|Two models of Beringian wolves created by paleo-artists working at the Yukon Beringia Interpretive Centre|
The Beringian wolf is an extinct population of wolf that lived during the Ice Age. It lived in Alaska, Yukon, and northern Wyoming. Some of these wolves survived into the Holocene. They were distinct from modern North Americans wolves and genetically basal to most modern and extinct wolves. They do not have a subspecies classification.
The Beringian wolf was similar in size to the modern Alaskan Interior wolf, or Yukon Wolf, and other gray wolves from the Late Pleistocene age. However, they were more robust, had stronger teeth and jaws, a broader palate, and larger carnassial teeth. Its strong teeth helped it hunt Pleistocene megafauna. The Beringian wolf mostly preyed on horse and steppe bison. It also preyed on caribou, mammoth, and woodland muskox.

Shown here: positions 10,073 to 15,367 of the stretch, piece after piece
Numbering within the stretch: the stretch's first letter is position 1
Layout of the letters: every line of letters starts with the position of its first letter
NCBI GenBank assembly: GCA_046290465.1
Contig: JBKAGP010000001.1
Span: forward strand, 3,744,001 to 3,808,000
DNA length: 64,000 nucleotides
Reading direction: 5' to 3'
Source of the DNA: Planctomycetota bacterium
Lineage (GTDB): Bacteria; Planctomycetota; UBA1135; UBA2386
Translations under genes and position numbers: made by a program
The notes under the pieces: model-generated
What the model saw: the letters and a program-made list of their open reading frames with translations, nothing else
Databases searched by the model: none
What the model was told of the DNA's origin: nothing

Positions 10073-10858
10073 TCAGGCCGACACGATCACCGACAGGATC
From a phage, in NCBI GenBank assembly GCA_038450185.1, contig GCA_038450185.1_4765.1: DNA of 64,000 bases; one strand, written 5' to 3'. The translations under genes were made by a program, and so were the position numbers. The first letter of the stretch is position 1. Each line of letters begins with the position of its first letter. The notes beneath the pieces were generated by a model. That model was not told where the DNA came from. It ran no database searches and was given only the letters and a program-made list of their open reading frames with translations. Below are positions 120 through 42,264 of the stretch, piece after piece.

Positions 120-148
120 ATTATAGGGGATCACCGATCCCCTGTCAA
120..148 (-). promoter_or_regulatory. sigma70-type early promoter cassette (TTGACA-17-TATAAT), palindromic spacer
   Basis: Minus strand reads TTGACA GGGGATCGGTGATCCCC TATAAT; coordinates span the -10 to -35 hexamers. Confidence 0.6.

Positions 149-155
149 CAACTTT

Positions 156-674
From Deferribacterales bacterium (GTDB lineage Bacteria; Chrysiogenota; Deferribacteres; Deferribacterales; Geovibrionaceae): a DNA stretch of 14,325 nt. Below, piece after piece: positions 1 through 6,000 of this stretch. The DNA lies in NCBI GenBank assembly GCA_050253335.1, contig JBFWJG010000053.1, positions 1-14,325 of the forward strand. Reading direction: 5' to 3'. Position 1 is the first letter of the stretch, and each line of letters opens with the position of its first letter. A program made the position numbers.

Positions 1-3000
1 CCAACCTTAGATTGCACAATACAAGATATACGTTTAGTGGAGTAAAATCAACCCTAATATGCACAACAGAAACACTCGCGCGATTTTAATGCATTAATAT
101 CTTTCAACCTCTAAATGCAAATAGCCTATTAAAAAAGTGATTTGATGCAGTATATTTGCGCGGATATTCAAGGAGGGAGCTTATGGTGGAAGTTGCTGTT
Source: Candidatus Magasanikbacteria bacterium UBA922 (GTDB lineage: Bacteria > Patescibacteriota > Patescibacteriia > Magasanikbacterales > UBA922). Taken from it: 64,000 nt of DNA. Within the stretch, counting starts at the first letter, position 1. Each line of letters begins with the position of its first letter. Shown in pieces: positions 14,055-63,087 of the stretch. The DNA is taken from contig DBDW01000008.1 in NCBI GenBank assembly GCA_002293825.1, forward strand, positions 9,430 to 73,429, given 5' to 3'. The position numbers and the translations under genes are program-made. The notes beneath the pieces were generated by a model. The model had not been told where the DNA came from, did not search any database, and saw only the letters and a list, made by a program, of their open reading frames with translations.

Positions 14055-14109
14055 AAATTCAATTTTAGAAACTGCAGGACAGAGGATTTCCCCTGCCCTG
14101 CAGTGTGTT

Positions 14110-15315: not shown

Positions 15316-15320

Many of the animals that the Beringian wolf hunted became extinct near the end of the Ice Age. Cold and dry conditions were also lost. As a result, the Beringian wolf became extinct. The extinction of its prey has been thought to be caused by climate change and competition with other species. Populations of Beringian wolves were replaced by other wolves from the same species or genus.